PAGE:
To read the full release, please click here:

To view CoStar’s full presentation of their findings, please visit:

BusinessWeek Online announces Green Business newsletter

As a past subscriber of BusinessWeek, I recently received an email announcing the launch of a monthly newsletter on green business. According to their website, the newsletter, which will be published from Spring 2008 until September 2008, is a “monthly digest of our reporting on how climate change, alternative energy development, and the sustainability movement are affecting business.”

At first glance, it looks like a helpful resource for anyone who is interested in green business issues. This month’s focus is green design. To learn more, please visit the following website:

Green approaches help Boston-based hotelier

Over the weekend, I had the chance to read an interesting profile on Tedd Saunders, a principal of his family’s Saunders Hotel Group and a leading proponent of “green” business practices in the lodging industry. The article, published in Connecticut College’s quarterly magazine CC: Connecticut College Magazine, discussed Saunders’ (Class of 1983 from Connecticut) long-time commitment to the environment, and was titled “On The Green List: Hotelier Tedd Saunders ’83 is helping the world’s largest industry set environmentally friendly standards.”

Saunders, in addition to his ownership stake in his family’s business, also founded Ecological Solutions Inc. in 1992, an environmental consulting firm focused on the lodging industry. A web link to the article from CC Magazine was not available. However, to read more about Tedd, please see the following link from the Green Lodging News:

According to Green Lodging News, an industry publication on “green” issues, at the Saunders Hotel Group’s 212-room Lenox Hotel in Boston, environmental retrofits and other thoughtful business practices have produced impressive annual savings: 1.7 million gallons of water, 110,000 kilowatt hours of electricity, 37 tons of trash from the waste stream, 175 trees through paper recycling. For these and other efforts to reduce its carbon footprint, the Environmental Protection Agency recognized the Lenox with its Energy Star rating in February 2008. Please see an article in the Boston Globe for more information:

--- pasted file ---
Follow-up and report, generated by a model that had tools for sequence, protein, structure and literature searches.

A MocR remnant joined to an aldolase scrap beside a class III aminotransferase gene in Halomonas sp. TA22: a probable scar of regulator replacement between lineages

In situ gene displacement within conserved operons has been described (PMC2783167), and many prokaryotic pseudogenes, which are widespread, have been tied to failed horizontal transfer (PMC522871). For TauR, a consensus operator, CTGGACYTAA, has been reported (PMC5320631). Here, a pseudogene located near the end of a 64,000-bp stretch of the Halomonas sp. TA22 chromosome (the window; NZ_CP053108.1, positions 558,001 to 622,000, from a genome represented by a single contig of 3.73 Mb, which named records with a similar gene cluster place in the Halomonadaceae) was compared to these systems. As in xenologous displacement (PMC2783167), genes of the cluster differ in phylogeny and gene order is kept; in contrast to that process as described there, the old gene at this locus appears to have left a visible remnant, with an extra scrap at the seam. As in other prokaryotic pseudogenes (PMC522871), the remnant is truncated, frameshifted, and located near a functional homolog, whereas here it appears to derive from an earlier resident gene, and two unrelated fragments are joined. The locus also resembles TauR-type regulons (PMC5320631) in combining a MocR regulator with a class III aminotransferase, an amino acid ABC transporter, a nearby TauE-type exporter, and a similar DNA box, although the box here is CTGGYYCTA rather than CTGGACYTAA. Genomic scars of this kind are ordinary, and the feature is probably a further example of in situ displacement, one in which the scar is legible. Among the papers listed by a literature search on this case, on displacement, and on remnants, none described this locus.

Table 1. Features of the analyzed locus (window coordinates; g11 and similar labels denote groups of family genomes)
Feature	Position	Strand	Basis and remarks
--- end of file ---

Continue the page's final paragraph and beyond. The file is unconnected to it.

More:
For more information on the Lenox Hotel’s green efforts, please see the following page:

The main takeaway from reading about the pioneering work that Saunders and his family are doing is that green business practices can not only result in cost savings (water, energy, etc.) but they can also strengthen a company’s relationships with their existing customers and attract new business from eco-minded travelers. In fact, in 2006 the Lenox was included in Condé Nast Traveler Magazine’s Green List. What’s more impressive about this is that the Lenox was the only urban hotel in the world to be honored. (Here’s a link:

My firm featured on the Great Green List

I was reading the Internet tonight and came across an interesting website, called “the great green list.” The Great Green List describes itself as “the fastest growing human edited library of environmentally focused information on the Internet.”

My company, Grossman Marketing Group, was included in the Green Marketing section. Here’s a quick link to the page:

The site features a number of “green” resources. Check it out!

Dell’s HQ Switches to 100 Percent Renewable Energy

In further news that renewable energy is a good thing for an organization to adopt, see the news below about Dell, courtesy of

OAKLAND, Calif., April 3, 2008 — Energy from wind and landfill gas sources now completely powers Dell Inc.’s 2.1 million square foot headquarters in Austin, Texas, the computer maker said Wednesday.

Dell’s announcement of a deal with Waste Management and TXU Energy Wind Power is part of its bid to achieve carbon neutrality at its owned and leased facilities this year.

Waste Management’s Austin Community Landfill gas-to-energy facility will supply about 40 percent of the power needs at Dell’s headquarters, with the remainder coming from existing wind farms in the state through TXU Energy.

Dell’s Austin Parmer Campus also is seeing an increase in green power, from 8 percent to 17 percent, through Austin Energy. The company’s Twin Falls, Idaho, facility is also powered completely by wind and solar power.

In a conference call with reporters Wednesday, the company said the contract is for a little more than 80 million kilowatt hours per year. Dell declined to say how much the contract was worth, but predicted that green power, which now sells for a slight premium compared to conventional power, could one day sell more cheaply.

Retrofit projects across Dell facilities, such as deploying power management systems and replacing inefficient lighting and air conditioners, save the company $2 million a year.

The news comes just days after the company said it would close a desktop PC manufacturing plant in Austin and lay off as many as 8,800 workers as part of a massive restructuring plan designed to save the company $3 billion during the next three years.

Green Marketing: Reducing the Impact on the Environment while Increasing the Impact on your Audience

Below is an article I recently submitted for publication to the Association of Fundraising Professional’s newsletter about green marketing for not-for-profits. Nevertheless, the lessons discussed are applicable to for-profit businesses as well.